A lookup table in Google Tag Manager makes it much simpler to manage lots of values in your tracking setup. It can drastically reduce the number of tags required and turn your messy GTM into a neat environment. It's especially useful with larger setups where you have multiple tracking requirements and flexible to accommodate new tracking needs as they arise. You can easily add or remove values from your lookup tables, and not worry about having to change any codes. The lookup table variable allows you to define a set of key-value pairs where the output variable (the value that you are sending to Google Analytics) is linked to the identifier (the key). It works like this: When [input variable] equals to  _______, set [this output variable] to_______. For example, you could use the lookup table for: Assigning different Google Analytics property IDs for various domains/hostnames, eg. when [website hostname] equals to littledata.co.uk, set [property ID] to UA-010101 (see example below) Setting different pixel or conversions IDs for different country websites, eg when [website country code] equals to 2, set [pixel ID] to 88779 (requires having website country code variable defined) Defining your event categories, actions and labels (see example below) Remember! There’s no limit to how many values you can have in the lookup table, but the fields are case sensitive. So if you have multiple capitalisations of some input, then include all of them in the lookup table and assign the same output for each. I have previously explained setting up the tracking of user actions as events in GTM, but when you need to track multiple events, one tag just doesn't cut it anymore. And instead of creating several tags to cover each event or action, here's how you would create the lookup table to cover multiple values in one place. Creating lookup table variable for event parameters In the Littledata software interface, you get an option to switch between different report types or view them all. I want to track when people click on different report types, so instead of creating 5 different tags for each user action, I will set up a lookup table to cover all of them in one place. But firstly I need to know which variable to use as the input. You can only have one type of input variable per the lookup table so you want to pick a variable type that applies to each (ideally). For this, I will check how each report type option has been set up in the code by inspecting the element (inspect/inspect element depending on the browser you're using and usually accessible via right click). Here's how each report type has been set up: <a href="/report-list/m2i4MnmXcewDSzZ3c/all" class="current" id="ga-all">All <span class="count">120</span></a> <a href="/report-list/m2i4MnmXcewDSzZ3c/trends" class="" id="ga-trends">Trends <span class="count">80</span></a> <a href="/report-list/m2i4MnmXcewDSzZ3c/pages" class="" id="ga-pages">Pages <span class="count">37</span></a> <a href="/report-list/m2i4MnmXcewDSzZ3c/tips" class="" id="ga-tips">Tips <span class="count">3</span></a> <a href="/report-list/m2i4MnmXcewDSzZ3c/benchmark" class="" id="ga-benchmark">Benchmark <span class="count">0</span></a> Looking at the above, I can see that each report type has a unique ID - here that's the best one to use. Now to set this up, go to Variables, click ‘New’ and select 'Lookup Table' as your variable type. For the input variable, I will use {{Click ID}} as explained above, but you, of course, use whatever unique identifier you have available. For your output, you want to define the event action you are going to send to the Events report in Google Analytics. Should you set the default value? You can set a default value for the output when there is no match found in your table. With the event tracking, I sometimes find it useful to enable to identify if I set up my tag correctly. If my trigger ends up being too broad, the default value option will pick up additional values not defined in the table. I will then see these values in Google Analytics reports and this way I can tidy up the trigger to be more accurate. So this is what your variable should look like now. Click ‘Create Variable’ and there you have it. In your GA event tag, the newly created variable would look like this. Other uses Multiple Google Analytics properties If you have a single GTM container installed on multiple domains but you're tracking them across different Google Analytics properties, you want to ensure that you're sending the data to the correct one. Instead of having multiple variables to store different property IDs, you can have them all neatly in the same table defined by the hostname. This way any tracking activity on each site will go to its own dedicated property. Excluding test or other data If you want to make sure that any data outside of your main site goes to a test or other Google Analytics property, you can do so by setting the default value. The default value is the output that is not found in the table. With this setup, any activity tracked on www.mainsite.com goes to property ID UA-121212. If the activity wasn't on www.mainsite.com, then it sent to property ID UA-121212-2. Use lookup tables for something else? Confused? Get in touch or comment below!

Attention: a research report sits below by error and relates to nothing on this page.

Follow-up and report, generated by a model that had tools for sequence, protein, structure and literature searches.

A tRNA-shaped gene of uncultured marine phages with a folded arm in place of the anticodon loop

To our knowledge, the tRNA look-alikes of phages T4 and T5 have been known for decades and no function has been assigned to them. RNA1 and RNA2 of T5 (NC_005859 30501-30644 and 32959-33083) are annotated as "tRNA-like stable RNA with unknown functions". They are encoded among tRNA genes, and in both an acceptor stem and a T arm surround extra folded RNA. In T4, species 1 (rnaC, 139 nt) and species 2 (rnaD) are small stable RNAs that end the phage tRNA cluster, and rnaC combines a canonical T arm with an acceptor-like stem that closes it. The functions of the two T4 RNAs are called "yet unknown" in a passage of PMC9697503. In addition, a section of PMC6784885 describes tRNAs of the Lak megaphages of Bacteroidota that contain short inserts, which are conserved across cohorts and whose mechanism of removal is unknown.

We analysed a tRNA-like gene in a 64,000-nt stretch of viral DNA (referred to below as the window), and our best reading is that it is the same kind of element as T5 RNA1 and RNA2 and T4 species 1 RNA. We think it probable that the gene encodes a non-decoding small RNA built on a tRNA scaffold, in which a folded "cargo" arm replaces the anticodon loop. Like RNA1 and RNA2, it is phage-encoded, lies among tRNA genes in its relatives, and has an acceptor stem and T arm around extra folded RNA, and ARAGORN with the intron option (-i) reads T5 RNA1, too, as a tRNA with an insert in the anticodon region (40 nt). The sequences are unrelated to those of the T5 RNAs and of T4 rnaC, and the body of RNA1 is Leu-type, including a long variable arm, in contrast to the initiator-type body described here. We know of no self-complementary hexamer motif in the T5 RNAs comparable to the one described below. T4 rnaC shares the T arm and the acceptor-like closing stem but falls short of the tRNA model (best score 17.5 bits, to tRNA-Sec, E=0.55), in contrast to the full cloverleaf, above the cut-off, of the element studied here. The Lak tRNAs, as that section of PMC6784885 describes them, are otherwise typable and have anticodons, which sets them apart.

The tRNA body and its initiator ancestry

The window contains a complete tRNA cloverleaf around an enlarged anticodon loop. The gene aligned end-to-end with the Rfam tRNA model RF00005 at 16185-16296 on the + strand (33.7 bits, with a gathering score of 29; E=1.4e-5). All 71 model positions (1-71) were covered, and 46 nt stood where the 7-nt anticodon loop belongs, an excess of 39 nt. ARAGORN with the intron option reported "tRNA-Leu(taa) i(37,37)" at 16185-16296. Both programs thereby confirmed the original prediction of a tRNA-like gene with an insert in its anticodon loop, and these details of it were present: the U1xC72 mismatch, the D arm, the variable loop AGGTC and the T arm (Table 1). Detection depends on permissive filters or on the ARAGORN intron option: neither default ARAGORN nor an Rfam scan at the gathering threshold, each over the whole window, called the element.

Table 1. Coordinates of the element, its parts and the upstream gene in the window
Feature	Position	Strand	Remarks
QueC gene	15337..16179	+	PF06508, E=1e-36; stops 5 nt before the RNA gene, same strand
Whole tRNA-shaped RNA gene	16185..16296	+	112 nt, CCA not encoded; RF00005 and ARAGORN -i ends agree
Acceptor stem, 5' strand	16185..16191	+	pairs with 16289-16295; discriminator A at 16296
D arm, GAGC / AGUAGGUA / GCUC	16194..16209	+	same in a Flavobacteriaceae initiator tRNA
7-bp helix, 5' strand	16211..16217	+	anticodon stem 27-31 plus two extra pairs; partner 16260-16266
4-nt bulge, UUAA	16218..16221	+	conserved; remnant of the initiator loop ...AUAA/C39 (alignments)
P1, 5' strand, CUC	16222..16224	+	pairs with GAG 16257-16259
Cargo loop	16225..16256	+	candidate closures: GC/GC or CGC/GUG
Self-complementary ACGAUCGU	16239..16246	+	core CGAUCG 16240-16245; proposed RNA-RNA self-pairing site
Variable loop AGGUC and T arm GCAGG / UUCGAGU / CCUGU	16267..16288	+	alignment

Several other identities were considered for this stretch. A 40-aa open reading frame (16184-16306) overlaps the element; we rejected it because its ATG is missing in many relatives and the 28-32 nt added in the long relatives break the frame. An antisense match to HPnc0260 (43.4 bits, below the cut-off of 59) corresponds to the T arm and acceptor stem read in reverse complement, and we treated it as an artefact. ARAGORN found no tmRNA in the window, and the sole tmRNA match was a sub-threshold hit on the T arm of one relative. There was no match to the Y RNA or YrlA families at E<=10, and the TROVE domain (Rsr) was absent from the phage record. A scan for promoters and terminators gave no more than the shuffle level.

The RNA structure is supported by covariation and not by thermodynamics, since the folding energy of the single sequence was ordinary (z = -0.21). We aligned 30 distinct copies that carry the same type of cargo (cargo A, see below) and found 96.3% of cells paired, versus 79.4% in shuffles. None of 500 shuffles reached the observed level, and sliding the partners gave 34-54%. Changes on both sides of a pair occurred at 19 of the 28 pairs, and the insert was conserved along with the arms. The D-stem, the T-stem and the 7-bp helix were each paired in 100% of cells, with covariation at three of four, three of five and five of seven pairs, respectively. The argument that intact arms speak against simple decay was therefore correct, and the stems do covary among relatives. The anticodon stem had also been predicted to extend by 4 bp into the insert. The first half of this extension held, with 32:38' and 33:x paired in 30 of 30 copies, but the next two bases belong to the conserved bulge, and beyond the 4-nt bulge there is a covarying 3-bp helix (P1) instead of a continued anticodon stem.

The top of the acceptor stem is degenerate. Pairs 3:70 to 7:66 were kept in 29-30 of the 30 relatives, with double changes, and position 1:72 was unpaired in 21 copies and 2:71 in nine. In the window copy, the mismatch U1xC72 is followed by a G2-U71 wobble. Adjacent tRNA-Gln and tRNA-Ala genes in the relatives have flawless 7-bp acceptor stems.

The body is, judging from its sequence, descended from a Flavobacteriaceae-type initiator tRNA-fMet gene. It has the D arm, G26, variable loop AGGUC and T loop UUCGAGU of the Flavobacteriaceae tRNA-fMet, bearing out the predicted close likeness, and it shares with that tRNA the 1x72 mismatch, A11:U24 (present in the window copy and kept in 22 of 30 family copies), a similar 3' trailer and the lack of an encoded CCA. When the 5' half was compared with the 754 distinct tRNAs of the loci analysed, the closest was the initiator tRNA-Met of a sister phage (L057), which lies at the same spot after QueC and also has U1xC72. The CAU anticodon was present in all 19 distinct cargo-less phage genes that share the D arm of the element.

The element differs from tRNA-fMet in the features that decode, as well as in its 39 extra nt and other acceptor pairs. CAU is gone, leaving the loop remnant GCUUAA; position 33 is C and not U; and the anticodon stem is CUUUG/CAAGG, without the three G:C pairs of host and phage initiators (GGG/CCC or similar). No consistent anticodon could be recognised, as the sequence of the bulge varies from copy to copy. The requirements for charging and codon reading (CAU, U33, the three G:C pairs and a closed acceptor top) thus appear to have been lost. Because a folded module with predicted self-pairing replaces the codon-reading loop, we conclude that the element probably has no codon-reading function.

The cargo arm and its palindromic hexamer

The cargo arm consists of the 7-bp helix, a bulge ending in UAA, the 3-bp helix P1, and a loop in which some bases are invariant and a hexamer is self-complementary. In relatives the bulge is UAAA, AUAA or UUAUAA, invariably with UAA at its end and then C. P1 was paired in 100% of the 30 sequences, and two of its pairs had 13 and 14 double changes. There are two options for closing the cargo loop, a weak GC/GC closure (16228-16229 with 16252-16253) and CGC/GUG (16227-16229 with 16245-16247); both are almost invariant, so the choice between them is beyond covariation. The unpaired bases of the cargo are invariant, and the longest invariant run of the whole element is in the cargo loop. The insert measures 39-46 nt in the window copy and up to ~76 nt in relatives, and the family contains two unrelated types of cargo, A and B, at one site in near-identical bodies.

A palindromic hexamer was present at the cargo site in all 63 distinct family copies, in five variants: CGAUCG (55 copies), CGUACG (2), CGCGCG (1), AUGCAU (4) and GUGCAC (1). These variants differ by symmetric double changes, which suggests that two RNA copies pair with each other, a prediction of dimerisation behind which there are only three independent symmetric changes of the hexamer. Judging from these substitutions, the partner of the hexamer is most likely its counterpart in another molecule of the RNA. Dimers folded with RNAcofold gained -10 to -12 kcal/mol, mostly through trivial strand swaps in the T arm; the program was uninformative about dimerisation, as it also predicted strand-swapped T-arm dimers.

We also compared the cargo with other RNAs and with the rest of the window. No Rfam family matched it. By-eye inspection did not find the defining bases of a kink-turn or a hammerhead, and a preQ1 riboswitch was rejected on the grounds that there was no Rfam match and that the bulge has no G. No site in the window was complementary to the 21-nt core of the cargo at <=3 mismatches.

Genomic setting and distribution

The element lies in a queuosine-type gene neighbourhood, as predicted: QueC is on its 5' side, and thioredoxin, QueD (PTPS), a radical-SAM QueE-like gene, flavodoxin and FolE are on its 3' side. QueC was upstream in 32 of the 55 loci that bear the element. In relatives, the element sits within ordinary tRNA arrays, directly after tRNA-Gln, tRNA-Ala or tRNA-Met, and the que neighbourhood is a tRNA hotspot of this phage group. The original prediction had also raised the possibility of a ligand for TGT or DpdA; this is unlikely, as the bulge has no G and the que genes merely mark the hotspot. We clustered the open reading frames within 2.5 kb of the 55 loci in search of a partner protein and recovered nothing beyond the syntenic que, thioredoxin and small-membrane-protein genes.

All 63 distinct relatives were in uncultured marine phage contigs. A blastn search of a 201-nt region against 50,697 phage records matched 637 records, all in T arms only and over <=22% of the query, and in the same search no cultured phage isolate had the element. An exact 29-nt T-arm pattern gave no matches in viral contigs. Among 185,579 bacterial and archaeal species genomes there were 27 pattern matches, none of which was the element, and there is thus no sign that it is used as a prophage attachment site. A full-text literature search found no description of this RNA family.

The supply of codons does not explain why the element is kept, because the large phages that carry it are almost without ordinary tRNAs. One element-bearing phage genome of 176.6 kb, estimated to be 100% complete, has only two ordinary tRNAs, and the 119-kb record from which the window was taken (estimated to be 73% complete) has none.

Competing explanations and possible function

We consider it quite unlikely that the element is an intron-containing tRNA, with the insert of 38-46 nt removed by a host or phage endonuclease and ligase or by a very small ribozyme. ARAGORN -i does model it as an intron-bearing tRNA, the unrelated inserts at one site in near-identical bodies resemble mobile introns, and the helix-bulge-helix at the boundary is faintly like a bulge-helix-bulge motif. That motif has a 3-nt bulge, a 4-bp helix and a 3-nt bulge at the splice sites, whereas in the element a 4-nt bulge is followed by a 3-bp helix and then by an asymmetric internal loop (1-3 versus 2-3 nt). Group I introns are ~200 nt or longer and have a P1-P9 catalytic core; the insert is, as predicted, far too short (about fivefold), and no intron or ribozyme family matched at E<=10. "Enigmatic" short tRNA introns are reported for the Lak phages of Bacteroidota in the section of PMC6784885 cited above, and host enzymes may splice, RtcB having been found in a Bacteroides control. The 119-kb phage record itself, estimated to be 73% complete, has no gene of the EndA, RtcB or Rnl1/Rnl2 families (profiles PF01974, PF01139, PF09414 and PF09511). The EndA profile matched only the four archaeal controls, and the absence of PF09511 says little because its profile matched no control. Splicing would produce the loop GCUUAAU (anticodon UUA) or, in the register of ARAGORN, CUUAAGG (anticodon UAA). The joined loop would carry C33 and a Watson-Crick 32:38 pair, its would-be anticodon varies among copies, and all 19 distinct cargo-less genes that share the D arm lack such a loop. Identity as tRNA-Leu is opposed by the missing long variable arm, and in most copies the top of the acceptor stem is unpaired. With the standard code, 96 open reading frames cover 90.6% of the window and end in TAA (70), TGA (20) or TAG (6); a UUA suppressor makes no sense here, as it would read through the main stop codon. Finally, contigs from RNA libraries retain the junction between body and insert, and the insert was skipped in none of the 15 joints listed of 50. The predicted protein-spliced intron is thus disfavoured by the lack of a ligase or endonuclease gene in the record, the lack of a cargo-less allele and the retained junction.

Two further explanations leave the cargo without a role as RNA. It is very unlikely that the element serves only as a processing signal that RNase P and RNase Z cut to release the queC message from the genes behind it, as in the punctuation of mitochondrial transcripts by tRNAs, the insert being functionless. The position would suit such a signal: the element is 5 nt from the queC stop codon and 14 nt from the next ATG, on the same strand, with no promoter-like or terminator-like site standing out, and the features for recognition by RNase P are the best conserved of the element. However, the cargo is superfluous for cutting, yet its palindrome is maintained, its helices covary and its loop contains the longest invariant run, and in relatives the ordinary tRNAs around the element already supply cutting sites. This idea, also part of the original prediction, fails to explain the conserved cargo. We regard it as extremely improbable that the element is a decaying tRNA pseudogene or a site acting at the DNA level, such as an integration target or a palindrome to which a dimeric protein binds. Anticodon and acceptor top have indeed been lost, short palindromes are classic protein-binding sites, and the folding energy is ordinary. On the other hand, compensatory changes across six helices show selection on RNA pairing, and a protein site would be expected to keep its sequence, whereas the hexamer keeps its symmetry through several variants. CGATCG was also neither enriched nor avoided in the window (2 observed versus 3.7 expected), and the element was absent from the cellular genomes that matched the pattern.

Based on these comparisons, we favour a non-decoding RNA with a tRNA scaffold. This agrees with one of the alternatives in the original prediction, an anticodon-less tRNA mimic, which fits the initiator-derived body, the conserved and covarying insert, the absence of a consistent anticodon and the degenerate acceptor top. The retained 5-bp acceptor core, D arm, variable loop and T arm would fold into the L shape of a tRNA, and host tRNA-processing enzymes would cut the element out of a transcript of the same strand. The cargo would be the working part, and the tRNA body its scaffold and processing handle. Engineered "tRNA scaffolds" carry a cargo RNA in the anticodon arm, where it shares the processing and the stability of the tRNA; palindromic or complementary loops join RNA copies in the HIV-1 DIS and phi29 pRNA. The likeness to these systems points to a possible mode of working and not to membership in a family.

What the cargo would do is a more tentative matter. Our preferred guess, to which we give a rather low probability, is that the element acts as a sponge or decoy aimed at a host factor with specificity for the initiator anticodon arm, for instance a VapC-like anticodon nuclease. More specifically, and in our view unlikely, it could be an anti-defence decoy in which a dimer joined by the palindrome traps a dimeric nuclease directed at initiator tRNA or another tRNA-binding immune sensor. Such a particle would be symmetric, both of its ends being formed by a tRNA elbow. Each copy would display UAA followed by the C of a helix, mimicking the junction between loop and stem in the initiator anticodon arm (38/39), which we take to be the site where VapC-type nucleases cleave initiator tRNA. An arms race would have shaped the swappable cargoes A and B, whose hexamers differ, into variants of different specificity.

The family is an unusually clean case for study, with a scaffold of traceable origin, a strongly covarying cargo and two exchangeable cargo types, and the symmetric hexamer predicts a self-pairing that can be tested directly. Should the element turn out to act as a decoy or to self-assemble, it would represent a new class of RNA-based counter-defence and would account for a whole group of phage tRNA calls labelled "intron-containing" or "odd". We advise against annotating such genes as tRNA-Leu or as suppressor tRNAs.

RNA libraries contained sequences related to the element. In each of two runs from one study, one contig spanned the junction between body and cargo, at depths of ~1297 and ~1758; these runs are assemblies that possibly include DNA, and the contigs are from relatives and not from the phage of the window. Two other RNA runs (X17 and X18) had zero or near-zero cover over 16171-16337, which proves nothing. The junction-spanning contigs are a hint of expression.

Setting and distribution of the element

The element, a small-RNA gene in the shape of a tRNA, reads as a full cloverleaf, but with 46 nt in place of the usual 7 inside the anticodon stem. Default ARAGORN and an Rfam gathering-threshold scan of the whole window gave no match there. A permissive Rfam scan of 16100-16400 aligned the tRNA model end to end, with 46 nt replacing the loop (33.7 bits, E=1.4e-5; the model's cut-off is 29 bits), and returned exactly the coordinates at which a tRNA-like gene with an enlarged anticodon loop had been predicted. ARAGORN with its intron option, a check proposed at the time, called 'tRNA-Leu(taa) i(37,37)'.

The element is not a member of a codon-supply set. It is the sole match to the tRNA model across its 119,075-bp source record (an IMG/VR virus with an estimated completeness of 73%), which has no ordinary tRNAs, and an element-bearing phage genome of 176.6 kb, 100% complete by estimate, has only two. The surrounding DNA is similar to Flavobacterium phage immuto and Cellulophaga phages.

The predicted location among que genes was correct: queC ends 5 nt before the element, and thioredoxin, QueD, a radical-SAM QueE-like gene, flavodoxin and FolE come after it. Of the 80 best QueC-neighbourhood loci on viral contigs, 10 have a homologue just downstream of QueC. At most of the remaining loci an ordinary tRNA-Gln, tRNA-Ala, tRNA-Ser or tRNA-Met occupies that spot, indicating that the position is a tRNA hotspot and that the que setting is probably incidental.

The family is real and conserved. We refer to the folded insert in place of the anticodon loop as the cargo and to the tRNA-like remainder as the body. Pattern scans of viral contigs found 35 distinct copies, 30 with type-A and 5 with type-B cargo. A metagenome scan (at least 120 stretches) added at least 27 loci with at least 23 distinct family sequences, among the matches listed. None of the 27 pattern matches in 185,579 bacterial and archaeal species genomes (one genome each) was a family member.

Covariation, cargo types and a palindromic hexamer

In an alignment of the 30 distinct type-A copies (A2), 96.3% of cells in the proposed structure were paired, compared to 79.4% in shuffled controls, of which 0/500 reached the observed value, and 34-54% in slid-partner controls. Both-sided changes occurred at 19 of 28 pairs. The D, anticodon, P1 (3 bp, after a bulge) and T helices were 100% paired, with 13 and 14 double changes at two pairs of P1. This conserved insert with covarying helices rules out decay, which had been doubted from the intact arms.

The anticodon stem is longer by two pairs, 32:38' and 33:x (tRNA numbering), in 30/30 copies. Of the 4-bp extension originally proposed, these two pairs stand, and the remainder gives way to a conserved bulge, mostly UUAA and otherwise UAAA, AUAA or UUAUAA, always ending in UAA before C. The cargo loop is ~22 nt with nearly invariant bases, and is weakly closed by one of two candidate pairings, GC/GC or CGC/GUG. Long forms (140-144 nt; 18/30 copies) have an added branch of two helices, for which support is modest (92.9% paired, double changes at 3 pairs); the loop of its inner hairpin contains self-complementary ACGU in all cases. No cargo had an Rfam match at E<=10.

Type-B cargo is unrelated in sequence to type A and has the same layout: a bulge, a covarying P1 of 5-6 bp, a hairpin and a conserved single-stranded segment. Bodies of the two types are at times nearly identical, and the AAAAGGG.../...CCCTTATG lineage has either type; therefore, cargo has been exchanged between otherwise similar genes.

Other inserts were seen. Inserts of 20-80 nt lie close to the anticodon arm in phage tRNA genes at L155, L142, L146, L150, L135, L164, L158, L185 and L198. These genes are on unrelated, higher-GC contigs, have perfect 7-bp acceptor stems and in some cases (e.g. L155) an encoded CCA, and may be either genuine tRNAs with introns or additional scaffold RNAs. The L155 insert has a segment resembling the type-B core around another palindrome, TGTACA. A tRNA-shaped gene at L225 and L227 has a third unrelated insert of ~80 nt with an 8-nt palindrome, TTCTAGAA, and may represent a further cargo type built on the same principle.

2016-03-09